Gold tumbled on Wednesday as shares rose after U.S. data showed its private sector added more jobs than expected in May, and prospects increased of a debt deal for Greece.
slipped 1 percent to $1,181 an ounce, while U.S. gold futures for August delivery settled down $9.50, at $1,184.90 an ounce, its lowest since May 11.
U.S. private employers added 201,000 jobs last month, higher than the 165,000 additions in April and economists' estimate of a gain of 200,000 for May.
Gold had risen 0.4 percent in the previous session, only partly benefiting from a 1.5 percent fall in the dollar and weak U.S. factory data, which would typically trigger flight-to-safety bids. Higher European bond yields capped the upside for gold, analysts said.
"The easing of tensions in the euro zone, with optimism around a Greek deal and Draghi's comments, has lifted the stock markets today, dampening interest for safer assets like gold," ActivTrades chief analyst Carlo Alberto de Casa said.
"But a more decisive move for gold could come from the U.S. data front on Friday."
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The metal was depressed by stronger European and U.S. shares, which benefited from strong U.S. employment data and the European Central Bank head's pledge to stick with the bank's loose monetary policy measures.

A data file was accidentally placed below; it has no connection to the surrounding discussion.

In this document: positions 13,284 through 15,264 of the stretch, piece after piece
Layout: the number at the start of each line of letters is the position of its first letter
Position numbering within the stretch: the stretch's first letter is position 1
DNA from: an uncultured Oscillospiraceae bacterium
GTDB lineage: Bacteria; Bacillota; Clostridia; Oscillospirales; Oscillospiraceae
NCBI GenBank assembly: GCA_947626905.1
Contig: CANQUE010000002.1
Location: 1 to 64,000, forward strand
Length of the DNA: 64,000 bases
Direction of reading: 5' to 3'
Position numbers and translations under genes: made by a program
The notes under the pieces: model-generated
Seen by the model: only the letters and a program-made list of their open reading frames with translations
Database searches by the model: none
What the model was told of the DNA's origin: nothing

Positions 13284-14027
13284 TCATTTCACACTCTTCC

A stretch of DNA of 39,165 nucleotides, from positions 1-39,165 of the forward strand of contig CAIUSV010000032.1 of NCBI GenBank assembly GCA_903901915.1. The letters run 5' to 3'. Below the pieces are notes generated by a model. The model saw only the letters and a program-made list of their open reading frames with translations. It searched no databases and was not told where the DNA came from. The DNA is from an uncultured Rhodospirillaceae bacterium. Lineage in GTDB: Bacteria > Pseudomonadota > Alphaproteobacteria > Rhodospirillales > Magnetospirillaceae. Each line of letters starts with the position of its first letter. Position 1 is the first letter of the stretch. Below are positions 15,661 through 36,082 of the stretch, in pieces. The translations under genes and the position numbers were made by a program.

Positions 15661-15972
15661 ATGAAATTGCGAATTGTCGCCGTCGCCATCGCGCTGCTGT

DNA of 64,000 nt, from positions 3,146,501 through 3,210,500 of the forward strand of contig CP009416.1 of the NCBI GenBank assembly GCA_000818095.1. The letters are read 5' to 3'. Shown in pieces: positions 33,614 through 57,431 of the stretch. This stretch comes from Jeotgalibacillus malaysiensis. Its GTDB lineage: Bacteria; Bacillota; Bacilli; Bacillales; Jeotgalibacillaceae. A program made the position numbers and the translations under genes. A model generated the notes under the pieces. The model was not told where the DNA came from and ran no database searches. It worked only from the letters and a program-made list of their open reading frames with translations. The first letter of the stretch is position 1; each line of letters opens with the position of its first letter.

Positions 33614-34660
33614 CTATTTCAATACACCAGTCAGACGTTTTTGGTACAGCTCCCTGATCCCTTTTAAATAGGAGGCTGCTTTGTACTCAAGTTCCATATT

Wednesday's U.S. jobs data is a precursor to the U.S. Labor Department's non-farm payrolls report on Friday, which will be monitored to gauge the strength of the economy and how it would affect the Federal Reserve's interest rate policy. Higher rates would reduce demand for non-interest-paying bullion.
Investors watched Greece's debt situation after the country's creditors on Tuesday drafted the broad lines of an agreement to put to the government, in a bid to conclude four months of acrimonious negotiations and release aid before the cash-strapped country runs out of money.
Failure to reach agreement this month could trigger a Greek default and lead to the imposition of capital controls and a potential exit from the euro zone, dealing a serious blow to Europe's supposedly irreversible single currency.
Bullion had got some support in recent sessions from the uncertainties over the Greek debt crisis as investors sought safety in the metal.
However, general sentiment towards the metal remained bearish, as shown by outflows from gold exchange-traded funds (ETF), a sign investors are not confident of any price gains.
Holdings in the top eight gold ETFs, funds backed by physical metal, were at a five-year low as of Tuesday.